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dirtyfilthy
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March 07, 2011, 12:11:29 AM
 #5


So if Lets call it Inet2 (of grid LAN,WAN), generates more Blocks than the Real BitCoin Blocks, then the Inet Blocks will be stripped and added to my chain.

Last question, Considering a fresh start of BitCoin on these machines in Inet2, What would the difficulty be in generating Blocks? Will it be as if it was a fresh start?

If so, the first proposal will be to do Inet2, and then Inet3, combine the blocks, and start Inet3 again, until blocks are larger than the real Inet.

Second,

It is then theoretically possible to create two BitCoin Inets running seperately until it is maxed out at 21 Million and then expose them to each other for a total of 42 Million BitCoins. Is this correct?


It's not a case of "more blocks"  but total difficulty. A block with a difficulty of 10 counts for five blocks of difficulty 2. So it's very unlikely you'll overtake the main chain starting from scratch.

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wb3
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March 07, 2011, 12:38:56 AM
 #6


So if Lets call it Inet2 (of grid LAN,WAN), generates more Blocks than the Real BitCoin Blocks, then the Inet Blocks will be stripped and added to my chain.

Last question, Considering a fresh start of BitCoin on these machines in Inet2, What would the difficulty be in generating Blocks? Will it be as if it was a fresh start?

If so, the first proposal will be to do Inet2, and then Inet3, combine the blocks, and start Inet3 again, until blocks are larger than the real Inet.

Second,

It is then theoretically possible to create two BitCoin Inets running seperately until it is maxed out at 21 Million and then expose them to each other for a total of 42 Million BitCoins. Is this correct?


It's not a case of "more blocks"  but total difficulty. A block with a difficulty of 10 counts for five blocks of difficulty 2. So it's very unlikely you'll overtake the main chain starting from scratch.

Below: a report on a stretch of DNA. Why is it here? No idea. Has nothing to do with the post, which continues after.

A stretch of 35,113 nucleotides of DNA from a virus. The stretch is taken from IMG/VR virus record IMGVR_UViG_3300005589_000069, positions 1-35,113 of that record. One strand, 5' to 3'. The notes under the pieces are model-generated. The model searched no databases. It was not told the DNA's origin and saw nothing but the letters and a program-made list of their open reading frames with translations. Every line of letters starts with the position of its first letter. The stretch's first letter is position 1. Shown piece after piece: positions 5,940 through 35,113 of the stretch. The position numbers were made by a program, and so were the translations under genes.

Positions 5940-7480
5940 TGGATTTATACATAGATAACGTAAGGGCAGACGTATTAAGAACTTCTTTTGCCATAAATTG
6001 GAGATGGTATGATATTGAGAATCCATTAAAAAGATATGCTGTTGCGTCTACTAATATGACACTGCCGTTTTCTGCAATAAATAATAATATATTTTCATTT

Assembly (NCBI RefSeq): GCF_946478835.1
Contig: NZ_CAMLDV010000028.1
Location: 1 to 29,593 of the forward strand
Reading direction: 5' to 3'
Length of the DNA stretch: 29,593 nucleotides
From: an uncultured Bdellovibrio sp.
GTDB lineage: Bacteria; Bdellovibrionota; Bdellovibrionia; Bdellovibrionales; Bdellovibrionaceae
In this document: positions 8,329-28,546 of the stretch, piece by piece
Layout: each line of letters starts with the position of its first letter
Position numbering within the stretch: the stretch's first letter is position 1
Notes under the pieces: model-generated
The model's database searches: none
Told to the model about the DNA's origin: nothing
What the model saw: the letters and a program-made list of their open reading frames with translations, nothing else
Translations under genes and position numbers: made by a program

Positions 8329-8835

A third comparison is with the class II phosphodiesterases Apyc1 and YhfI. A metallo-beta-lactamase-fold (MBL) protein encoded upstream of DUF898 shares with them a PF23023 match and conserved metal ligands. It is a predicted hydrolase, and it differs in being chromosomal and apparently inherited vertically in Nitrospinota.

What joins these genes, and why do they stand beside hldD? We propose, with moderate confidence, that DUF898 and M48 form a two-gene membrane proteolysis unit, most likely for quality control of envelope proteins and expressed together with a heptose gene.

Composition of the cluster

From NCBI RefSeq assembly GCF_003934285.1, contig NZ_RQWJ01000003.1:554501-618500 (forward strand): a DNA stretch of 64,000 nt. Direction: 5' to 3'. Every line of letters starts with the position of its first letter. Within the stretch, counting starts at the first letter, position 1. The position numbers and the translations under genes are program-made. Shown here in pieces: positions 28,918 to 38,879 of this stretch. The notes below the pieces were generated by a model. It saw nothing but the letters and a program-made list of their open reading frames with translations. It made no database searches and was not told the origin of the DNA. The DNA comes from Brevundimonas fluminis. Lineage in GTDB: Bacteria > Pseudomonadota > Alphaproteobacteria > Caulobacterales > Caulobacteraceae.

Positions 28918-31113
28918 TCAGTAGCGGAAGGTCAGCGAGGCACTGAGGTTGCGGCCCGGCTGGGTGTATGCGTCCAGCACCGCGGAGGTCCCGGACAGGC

OK,

That make more sense, I do like "unlikely" problems. 

The BitCoin's earned for those blocks will still be with in the clients though, when added to the Inet chain. Keeping the difficulty to where one earns 50BTC for a block and then confirmed. Or will they be stripped, and given to the other clients that generate new blocks?

If so, I really like "unlikely" problems. If not, then I should still reap rewards from lessor difficulty mining before adding to the main chain and start over by sending 0.01 BTC between clients and waiting for the Block.

The whole key to this was starting at least one client off grid with at least 0.01 BTC. The 0.01 BTC is a confirmed transaction from the real chain.

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March 07, 2011, 02:56:54 AM
 #7

When the two networks combine, the generations in the smaller network become invalid. All transactions based on those generated coins also become invalid.

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March 07, 2011, 04:04:06 AM
 #8

I might just be confusing the topic but what would happen if you had a LAN with more machines running bitcoin than all the machines running bitcoin on the Internet? In that case, would the LAN overtake the Internet?

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March 07, 2011, 04:19:34 AM
 #9